- Posted Tuesday March 18, 2003
Napolitano, Schilling, Zuckerman Named to TGen Governing
March 18, 2003
The Translational Genomics Research Institute (TGen) announced
this week that Governor Janet Napolitano, Arizona Diamondback
pitcher Curt Schilling and Tucson business leader and health
advocate Mel Zuckerman have joined its governing board.
These new members make a strong board even stronger, said Dr. Jeffrey Trent, TGen President and Scientific Director.
The Governor brings her dedication to making Arizona a world leader in biotechnology, Curt Schilling brings his commitment to advancing medical research and Mel Zuckerman brings decades of advocacy for health and disease prevention. TGen is fortunate to add their invaluable skills to its board, Trent said.
Governor Napolitano became a member of the Governing Board upon taking office in January. The Governor has identified the strengthening of Arizonas biotechnology industry as a key goal for her administration.
One of her first actions as Governor was the creation of the Governors Council on Innovation and Technology to help develop technology-based companies throughout Arizona.
Arizona Diamondback pitcher Curt Schilling appeared on the cover of Sports Illustrated with teammate Randy Johnson as the Sportsmen of the Year, celebrating the teams victory as 2001 World Series champions.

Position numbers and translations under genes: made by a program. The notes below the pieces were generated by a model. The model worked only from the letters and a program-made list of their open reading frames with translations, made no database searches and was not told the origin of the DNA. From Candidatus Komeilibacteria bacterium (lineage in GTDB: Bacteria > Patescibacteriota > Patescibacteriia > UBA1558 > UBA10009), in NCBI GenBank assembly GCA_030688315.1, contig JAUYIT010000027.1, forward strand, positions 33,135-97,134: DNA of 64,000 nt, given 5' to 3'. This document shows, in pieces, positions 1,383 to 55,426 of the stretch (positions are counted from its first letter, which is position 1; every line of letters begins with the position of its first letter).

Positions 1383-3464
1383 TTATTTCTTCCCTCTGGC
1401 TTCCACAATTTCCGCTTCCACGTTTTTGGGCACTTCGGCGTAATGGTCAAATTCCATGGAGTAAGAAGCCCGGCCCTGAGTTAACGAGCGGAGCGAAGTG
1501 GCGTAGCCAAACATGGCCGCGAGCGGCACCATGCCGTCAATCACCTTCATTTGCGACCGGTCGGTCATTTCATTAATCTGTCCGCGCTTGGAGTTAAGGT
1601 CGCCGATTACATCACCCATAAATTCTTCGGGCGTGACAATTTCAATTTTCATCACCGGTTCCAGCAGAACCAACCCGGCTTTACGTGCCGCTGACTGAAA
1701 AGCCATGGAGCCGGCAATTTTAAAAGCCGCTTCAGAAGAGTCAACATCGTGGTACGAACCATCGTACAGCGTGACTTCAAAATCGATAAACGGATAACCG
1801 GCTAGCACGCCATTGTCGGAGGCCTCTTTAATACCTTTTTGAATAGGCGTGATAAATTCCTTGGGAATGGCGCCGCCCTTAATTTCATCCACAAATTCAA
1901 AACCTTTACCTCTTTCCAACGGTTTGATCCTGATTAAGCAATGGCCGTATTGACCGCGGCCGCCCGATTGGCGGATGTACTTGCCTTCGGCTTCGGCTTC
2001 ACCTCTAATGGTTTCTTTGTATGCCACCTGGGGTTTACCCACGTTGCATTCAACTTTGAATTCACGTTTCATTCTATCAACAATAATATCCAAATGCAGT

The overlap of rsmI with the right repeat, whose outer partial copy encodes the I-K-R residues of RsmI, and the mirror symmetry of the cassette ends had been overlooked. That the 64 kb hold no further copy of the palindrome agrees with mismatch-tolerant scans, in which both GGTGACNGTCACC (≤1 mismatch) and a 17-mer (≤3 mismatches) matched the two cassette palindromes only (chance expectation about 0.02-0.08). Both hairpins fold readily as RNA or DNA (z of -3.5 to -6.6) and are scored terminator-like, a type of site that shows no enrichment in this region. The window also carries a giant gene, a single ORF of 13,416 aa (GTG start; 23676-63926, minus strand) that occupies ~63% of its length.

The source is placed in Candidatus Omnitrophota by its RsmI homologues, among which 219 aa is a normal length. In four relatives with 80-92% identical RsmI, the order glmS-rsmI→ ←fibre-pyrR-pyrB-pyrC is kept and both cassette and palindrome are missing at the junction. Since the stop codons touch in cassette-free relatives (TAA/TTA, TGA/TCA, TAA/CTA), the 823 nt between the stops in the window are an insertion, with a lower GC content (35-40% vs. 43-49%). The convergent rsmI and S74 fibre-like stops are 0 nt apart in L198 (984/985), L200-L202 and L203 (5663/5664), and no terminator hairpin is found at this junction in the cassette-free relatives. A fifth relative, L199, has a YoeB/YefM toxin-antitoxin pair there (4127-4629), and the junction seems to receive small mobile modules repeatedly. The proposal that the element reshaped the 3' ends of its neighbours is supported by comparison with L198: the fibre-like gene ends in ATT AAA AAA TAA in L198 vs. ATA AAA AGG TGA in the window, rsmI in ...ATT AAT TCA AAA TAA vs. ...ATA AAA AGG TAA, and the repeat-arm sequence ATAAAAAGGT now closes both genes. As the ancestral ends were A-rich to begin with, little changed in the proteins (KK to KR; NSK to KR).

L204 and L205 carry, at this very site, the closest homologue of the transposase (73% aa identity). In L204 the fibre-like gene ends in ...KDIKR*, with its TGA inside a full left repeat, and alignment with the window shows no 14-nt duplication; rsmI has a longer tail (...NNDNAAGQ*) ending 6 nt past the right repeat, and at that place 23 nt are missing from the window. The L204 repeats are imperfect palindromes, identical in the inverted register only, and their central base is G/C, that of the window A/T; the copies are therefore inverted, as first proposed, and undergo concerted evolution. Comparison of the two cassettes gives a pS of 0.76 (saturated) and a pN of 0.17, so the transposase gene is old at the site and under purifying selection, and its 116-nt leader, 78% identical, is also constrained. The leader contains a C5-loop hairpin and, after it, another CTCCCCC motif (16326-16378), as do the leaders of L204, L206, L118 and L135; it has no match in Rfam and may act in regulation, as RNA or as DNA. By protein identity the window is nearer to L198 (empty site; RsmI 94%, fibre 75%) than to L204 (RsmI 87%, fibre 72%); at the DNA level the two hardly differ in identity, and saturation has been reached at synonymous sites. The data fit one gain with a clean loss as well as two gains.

Off the field, Schilling is a tireless volunteer and fundraiser for health causes, focusing on ALS (Amyotrophic lateral sclerosis,) commonly referred to as Lou Gehrigs disease, and melanoma.
In December 2002, Worth Magazine named Schilling Philanthropist of the Year and USA TODAY magazine named him Baseballs Most Caring Athlete in 1996.
Mel Zuckerman is the founder, developer and Chairman of the Board of Canyon Ranch, consistently named Best Spa by the readers of Travel + Leisure and Conde Nast Traveler magazine. Mr. Zuckerman has supported research and demonstration projects dedicated to expanding health consciousness for years.
He founded the Wellness Council of Tucson in 1984. In 1997, Canyon Ranch funded the Harvard Cancer Risk Index program to help people understand their risk of cancer and, also in 1997, the Ranch made a significant donation to the University of Arizona College of Public Health. In 2002, the college was re-named the Mel and Enid Zuckerman Arizona College of Public Health.
TGen board chairman, Jos A. Crdenas, welcomed the new members and stated he looks forward to working closely with them to forge new relationships within Arizona and nationally on behalf of TGen.
TGEN is a research institute whose mission is to make and translate genomic discoveries into advances in human health.